The purpose of today’s post is thus twofold. First, we’re going to examine what this exercise is and how to perform it. From there, we get to delve into it’s fascinating history.

Steve Reeves’ Competition Diet

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For many Steve Reeves was the epitome of bodybuilding. Alongside John Grimek, he helped to define a mid-century Iron Game obsessed with beauty, strength and uncompromising health. Though undoubtedly blessed with fantastic genetics, Reeves was known for his work ethic and attention to detail when it came to his diet. Coming from the Steve Reeves Cookbook, a book that’s currently distracting me from my own PhD work, today’s post looks at Reeves’ Competition diet which saw him through the Mr. World, Mr. Universe and Mr. America.

Safe to say then we may learn a thing or two from it!

Guest Post: The History of Marijuana Use in the Fitness Industry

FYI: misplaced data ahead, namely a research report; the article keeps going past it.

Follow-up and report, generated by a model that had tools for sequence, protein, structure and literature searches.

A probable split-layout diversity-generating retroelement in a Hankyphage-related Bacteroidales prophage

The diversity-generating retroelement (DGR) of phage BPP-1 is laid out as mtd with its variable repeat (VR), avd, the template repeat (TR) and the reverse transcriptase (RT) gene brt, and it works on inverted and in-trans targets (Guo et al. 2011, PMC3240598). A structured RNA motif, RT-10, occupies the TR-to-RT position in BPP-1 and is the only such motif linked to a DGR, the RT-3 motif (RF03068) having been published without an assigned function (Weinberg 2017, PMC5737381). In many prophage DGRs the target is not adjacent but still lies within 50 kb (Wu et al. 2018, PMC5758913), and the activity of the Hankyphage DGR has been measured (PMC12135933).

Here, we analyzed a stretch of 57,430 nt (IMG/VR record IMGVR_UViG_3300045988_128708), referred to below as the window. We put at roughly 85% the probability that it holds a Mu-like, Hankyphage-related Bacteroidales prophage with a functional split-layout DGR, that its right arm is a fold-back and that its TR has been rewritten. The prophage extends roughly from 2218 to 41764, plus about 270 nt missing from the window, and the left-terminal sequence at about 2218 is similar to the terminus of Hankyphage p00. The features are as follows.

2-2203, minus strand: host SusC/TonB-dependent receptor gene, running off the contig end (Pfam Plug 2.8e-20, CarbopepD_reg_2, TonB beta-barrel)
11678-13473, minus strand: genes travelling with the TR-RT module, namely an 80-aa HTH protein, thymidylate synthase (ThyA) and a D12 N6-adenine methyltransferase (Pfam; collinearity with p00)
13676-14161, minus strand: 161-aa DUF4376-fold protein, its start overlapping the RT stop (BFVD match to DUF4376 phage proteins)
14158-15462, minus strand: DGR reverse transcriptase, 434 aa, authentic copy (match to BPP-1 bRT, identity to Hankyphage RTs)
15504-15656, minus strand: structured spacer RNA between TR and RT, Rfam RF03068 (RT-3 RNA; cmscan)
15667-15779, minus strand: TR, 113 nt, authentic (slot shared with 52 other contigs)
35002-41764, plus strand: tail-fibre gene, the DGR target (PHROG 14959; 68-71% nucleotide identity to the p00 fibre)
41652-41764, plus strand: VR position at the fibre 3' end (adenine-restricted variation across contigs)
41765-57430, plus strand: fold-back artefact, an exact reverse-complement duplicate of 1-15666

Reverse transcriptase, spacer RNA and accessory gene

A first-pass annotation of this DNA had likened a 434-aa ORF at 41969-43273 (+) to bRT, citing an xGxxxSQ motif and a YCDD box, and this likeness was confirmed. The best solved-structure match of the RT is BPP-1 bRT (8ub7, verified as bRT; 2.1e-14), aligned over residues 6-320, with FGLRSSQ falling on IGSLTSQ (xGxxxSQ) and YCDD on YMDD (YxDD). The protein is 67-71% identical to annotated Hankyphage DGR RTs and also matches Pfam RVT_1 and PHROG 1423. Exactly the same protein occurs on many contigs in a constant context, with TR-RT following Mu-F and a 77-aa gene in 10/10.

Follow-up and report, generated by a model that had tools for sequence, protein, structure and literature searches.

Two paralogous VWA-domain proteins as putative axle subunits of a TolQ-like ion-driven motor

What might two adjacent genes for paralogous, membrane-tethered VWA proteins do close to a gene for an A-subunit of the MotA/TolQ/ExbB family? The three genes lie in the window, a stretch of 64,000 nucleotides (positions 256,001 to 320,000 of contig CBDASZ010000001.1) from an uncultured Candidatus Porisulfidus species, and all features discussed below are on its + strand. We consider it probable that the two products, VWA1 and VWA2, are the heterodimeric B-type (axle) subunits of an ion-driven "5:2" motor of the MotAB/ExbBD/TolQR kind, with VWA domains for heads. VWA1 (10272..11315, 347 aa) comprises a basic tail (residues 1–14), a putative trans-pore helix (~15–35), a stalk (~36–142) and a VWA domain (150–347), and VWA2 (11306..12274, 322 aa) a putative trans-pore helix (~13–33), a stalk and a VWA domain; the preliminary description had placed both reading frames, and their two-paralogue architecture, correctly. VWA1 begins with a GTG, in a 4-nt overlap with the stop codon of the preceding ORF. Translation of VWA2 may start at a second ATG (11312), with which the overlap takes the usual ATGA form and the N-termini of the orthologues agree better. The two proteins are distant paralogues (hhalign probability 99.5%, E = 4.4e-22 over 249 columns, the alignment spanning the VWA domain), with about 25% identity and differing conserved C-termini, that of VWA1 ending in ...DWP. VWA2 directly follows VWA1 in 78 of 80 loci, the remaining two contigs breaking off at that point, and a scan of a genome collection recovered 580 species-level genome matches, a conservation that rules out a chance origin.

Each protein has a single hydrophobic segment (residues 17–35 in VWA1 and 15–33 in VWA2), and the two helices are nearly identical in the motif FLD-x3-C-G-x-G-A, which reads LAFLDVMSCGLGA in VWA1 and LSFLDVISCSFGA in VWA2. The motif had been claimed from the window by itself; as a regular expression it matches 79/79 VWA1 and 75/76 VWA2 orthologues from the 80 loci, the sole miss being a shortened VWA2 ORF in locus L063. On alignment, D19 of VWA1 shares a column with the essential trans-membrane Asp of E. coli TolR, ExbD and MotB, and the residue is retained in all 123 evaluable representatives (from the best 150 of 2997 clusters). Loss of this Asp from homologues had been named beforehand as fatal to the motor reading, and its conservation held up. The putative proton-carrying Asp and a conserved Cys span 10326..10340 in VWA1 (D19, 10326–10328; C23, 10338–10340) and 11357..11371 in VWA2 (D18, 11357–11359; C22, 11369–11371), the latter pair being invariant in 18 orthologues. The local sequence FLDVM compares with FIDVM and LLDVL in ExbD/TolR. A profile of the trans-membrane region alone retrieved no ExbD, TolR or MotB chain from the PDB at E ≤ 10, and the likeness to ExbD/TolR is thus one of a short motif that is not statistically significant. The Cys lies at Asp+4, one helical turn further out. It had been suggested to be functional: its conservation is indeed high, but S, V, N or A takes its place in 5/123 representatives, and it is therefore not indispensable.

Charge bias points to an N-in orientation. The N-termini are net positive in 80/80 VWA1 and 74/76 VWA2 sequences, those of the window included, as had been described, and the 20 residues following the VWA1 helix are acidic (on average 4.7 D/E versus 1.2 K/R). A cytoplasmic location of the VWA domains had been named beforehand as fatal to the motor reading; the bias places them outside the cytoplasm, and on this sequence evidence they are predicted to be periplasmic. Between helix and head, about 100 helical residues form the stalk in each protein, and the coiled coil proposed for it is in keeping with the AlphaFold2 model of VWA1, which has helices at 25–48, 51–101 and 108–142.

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There’s no denying that professional athletes hailing from every sport have tried supplementing with everything and anythingover the years in order to get a head start and surpass their competitors. Being the star athlete of your generation and rising up the proverbial ladder to a prominent and profitable sports figure is definitely not an easy thing to achieve, so you can’t really blame your favorite athletes for doing everything to achieve the results they need.

Sig Klein’s Beginner Workout

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Earlier this year I had the great fortune to visit the H.J. Lutcher Stark Center for Physical Culture and Sports in Texas. Founded by Jan and Terry Todd, the Stark Center is a playground for anoraks like me. Containing the collections of Bernarr MacFadden, Professor Atilla, Bob Hoffman and several other Iron Game legends, Stark holds the history of the Iron Game.

So gushing praise aside, part of time there included a search through Sig Klein’s own personal papers. For those unaware, Klein ran one of the most popular and revered gymnasiums in New York from the 1930s to roughly the 1970s. Famed for his strength and amazing physique, Klein’s best known motto was to train for shape and the strength will come.

Though an advanced lifter in his own right, Klein was always keen to encourage the beginner. With this in mind today’s post details Klein’s beginner workout given to those new to his gymnasium. No tricks, no gimmicks, just simple hard work and consistency were Klein’s twin pillars for success.